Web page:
A number of important geological problems involve the solidification of magmas. We assume that the magma has a well-defined melt temperature at which the phase change from liquid to solid occurs. Associated with this phase change is a latent heat of fusion L. This is the amount of heat that is liberated upon the solidification of 1 kg of magma. Heat conduction problems involving phase changes differ from problems we have already solved in two major ways. First, we have to determine as part of the solution where the phase change boundary, that is, the interface between solid and liquid, is located. The position of this boundary obviously changes as solidification proceeds. Second, we have to account for the latent heat of fusion, which is liberated at the solid–liquid interface as solidification takes place; this additional heat must be conducted away from the phase change boundary. The first problem we consider is that of a horizontal layer of magma that is solidifying from its upper surface downward as a result of being cooled from above. We assume that the upper surface is maintained at a constant temperature T0. An example of this would be the solidification of a lava flow. Because of heat loss to the surface the solid layer grows thicker with time. A lava flow also solidifies at its base. However, if we assume that the magma is extruded at its melt temperature, then as long as there is still a liquid region, the solidification from the top and bottom can be treated independently. This also means that the overall flow thickness is unimportant in describing the solidification process as long as a molten region is present.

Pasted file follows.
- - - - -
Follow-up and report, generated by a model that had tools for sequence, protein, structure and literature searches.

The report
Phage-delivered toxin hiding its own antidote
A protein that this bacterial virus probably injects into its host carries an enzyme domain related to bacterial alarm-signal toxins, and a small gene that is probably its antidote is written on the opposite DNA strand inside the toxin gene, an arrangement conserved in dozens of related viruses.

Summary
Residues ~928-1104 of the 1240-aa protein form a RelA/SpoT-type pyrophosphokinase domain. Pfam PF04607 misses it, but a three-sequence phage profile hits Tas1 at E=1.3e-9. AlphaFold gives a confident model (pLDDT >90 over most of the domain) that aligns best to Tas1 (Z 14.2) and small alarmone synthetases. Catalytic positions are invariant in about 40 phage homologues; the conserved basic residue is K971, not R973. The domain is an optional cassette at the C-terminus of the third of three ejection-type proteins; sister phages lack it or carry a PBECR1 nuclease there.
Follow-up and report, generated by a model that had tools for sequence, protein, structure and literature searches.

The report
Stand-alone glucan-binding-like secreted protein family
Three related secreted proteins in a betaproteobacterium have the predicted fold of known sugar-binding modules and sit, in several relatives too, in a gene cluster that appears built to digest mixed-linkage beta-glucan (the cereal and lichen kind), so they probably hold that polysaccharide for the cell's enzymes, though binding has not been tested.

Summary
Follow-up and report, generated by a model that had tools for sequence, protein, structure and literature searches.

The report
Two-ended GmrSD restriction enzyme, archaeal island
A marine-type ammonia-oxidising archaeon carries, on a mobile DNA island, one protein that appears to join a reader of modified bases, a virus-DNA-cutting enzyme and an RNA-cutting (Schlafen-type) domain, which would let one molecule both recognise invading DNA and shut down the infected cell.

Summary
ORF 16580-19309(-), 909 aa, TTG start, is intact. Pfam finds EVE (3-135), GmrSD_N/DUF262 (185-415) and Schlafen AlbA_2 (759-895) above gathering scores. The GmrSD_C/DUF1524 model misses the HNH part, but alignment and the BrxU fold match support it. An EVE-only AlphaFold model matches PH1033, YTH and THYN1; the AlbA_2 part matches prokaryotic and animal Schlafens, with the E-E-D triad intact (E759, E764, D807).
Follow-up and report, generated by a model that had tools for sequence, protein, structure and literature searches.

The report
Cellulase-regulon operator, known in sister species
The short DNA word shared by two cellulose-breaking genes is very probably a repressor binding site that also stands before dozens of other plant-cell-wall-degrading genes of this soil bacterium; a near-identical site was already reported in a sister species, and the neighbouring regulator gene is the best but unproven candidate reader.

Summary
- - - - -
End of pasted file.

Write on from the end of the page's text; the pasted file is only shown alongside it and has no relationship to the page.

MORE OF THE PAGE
In this section, we will consider the solidification from above; in the next section, we will treat the solidification from below. The solidification of a lava flow from above is essentially identical with the freezing of a lake. This is the problem for which Stefan (1891) first obtained the solution developed below.